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Coronavirus anxiety: Identify, address and ease it

Catastrophes, including public health emergencies such as COVID-19, affect mental health, both at the individual and population levels. Indeed, people experience a wide range of mental health issues during and long after emergencies, according to the World Health Organization (WHO).

Such emergencies, by definition, are unexpected and out of an individual’s control, which in the case of COVID-19 (i.e., coronavirus), can lead to stress and anxiety. While you may not be able to control the trajectory of the coronavirus, you can control how you respond to its potential threat.

Anxiety and tips to address it

Most people experience some level of anxiety in their lives; it’s a natural response to dealing with life’s day-to-day pressures. However, when anxiety starts to interfere with overall health and wellbeing, it’s time to address it. Symptoms of anxiety include:

• Intense worry

• Fatigue

• Panic

• Obsession

• Nightmares

• Muscle tension

• Headaches

• Sleep problems

• Rapid heart rate

• Shortness of breath

• Chest pain

• Sweating

Fortunately, you can start addressing any anxiety you may have here and now. Consider the following:

1. Take control of the situation. There are preventive measures you can take to limit your susceptibility to the coronavirus, such as washing your hands; not touching your eyes, nose and mouth; and disinfecting your home and work area. For more suggestions, refer to the Centers for Disease Control (CDC) and WHO websites.

2. Take care of yourself. Eat nutritious food, exercise, limit alcohol consumption and make sleep a priority. Stay connected with family and friends so that you’re not socially isolated.

3. Stay informed by learning the facts. The news isn’t always accurate. Be sure to get your information from authoritative sources, such as the CDC and the WHO.

4. Think about the impact you have on others. Be sure to care for yourself and take preventative measures more seriously. Communicating with family and friends about those measures is a form of positively affecting others.

5. Limit your media exposure to coronavirus news. Today’s news cycle is 24 hours, and the exposure can be overwhelming, regardless of the topic.

6. Let it go. Don’t dwell on what may or may not happen regarding the coronavirus. Change what you can and let the rest take its course. Refocus your mind and think only about positive things.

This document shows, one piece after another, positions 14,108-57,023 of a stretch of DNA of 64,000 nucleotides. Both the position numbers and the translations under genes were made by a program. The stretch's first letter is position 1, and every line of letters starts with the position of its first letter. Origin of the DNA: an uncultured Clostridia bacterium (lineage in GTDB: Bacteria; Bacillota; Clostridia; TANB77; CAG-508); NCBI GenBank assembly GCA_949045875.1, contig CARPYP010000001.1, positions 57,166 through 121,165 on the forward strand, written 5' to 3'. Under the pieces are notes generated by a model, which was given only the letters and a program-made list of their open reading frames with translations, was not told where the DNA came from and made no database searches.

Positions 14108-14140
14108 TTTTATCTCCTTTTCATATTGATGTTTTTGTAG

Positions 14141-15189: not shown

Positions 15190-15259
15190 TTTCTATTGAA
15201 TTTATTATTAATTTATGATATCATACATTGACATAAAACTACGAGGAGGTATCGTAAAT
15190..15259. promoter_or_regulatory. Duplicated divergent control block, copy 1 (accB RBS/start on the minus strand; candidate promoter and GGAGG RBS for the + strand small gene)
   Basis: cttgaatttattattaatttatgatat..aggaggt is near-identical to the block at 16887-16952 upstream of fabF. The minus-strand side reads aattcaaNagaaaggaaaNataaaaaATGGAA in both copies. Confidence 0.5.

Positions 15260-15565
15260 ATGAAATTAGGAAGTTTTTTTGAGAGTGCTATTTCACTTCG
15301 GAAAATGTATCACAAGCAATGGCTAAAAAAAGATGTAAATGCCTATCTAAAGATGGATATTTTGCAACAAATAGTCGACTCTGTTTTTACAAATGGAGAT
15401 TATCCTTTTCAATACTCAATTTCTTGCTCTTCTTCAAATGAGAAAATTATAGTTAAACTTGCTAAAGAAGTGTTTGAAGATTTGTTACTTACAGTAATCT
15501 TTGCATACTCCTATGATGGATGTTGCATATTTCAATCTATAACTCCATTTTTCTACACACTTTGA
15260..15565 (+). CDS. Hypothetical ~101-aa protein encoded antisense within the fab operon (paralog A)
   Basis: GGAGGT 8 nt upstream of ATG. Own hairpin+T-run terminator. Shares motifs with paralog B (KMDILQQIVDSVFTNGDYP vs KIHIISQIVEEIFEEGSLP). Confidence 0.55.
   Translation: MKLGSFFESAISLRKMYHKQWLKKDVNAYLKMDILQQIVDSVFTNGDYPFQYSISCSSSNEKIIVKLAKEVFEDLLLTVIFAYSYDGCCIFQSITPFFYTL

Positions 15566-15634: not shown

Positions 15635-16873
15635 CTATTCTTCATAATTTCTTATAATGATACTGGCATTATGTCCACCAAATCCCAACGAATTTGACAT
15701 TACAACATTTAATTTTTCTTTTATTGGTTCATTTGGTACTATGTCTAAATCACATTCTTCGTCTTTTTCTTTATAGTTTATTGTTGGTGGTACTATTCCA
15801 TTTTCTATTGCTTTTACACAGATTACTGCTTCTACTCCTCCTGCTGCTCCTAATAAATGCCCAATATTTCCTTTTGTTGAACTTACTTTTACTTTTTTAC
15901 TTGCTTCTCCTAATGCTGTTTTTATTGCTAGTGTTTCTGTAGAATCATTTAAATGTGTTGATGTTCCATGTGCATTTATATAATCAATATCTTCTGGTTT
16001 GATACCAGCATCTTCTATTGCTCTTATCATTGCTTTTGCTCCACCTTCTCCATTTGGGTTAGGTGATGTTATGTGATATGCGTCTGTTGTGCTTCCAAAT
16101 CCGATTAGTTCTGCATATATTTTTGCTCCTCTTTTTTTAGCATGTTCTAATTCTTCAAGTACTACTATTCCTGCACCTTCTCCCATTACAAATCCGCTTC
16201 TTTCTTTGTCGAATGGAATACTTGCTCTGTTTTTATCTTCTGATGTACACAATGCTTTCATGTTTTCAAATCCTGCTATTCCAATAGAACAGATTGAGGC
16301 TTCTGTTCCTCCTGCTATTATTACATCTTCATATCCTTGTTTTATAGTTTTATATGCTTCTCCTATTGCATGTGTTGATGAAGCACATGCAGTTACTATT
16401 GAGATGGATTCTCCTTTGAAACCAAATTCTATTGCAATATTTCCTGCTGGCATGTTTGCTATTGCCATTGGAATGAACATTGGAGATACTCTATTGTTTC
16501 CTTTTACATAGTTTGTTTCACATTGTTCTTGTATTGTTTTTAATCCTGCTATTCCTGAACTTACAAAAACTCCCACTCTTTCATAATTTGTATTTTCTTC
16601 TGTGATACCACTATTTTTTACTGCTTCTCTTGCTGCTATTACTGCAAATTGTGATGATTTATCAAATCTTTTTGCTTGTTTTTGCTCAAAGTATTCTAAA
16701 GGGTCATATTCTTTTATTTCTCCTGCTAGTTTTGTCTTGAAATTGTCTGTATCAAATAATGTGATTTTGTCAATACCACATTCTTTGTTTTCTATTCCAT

What’s the best way to talk to kids about this?

With their technological know-how, your children are probably better at picking up on news than you are, but as with yourself, there are steps you can take to address any stress and anxiety they may have around COVID-19. For example:

1. Ask, listen and assure. Ask what they’ve heard so you can correct any misinformation. Acknowledge their feelings and ask questions to help you identify the sources of their fears. Ask what they are afraid will happen, and then answer with details you think they can handle based on their ages, tendencies to worry, etc. Assure that COVID-19 is a situation that can be addressed. For example, you can say that experts are doing all they can to understand the virus, treat people who have it, and keep it from spreading.

2. Limit news exposure. In addition to social media and other news outlets, you are a source of news as well. Be careful what you and other adults say about the coronavirus when young children are nearby. An offhand remark might be taken out of context and trigger anxiety. Avoid graphic news coverage when your kids are present, too.

3. Be a good role model. Your children will look to you to decide if their fears are grounded. Model good hygiene, reasonable precautions, and a calm attitude. If you aren’t anxious, they will likely feel better.

If you or your children’s stress and anxiety persist in spite of taking these recommended steps, contact your company’s Employee Assistance Program (EAP) or your primary care physician who may refer you to a behavioral health specialist. Another option is to call the Substance Abuse and Mental Health Administration’s Disaster Distress Helpline at 1-800-985-5990, a 24/7, 365 day-a-year, free national hotline that provides immediate crisis counseling. It is toll-free, multilingual and confidential.

1 Comment. Leave new

As a therapist, it breaks my heart to watch my now mid-20s child develop strong OCD in response to her employer’s laxity in the office, where no one masks up and all of them eat together, stand at her desk talking and she is the receptionist who has to clean up after them and sanitize the bathroom keys after everyone’ use, many times a day. She is planning to quit and live in our garage for 14 days before moving back into her old room in our home. Maybe she’ll get a new job…in 2022?
Meanwhile, how would treatment for OCD help when the risk really is real, and not just an over-reaction? And how does she afford that therapy when she becomes unemployed? Talk about social justice issues…!


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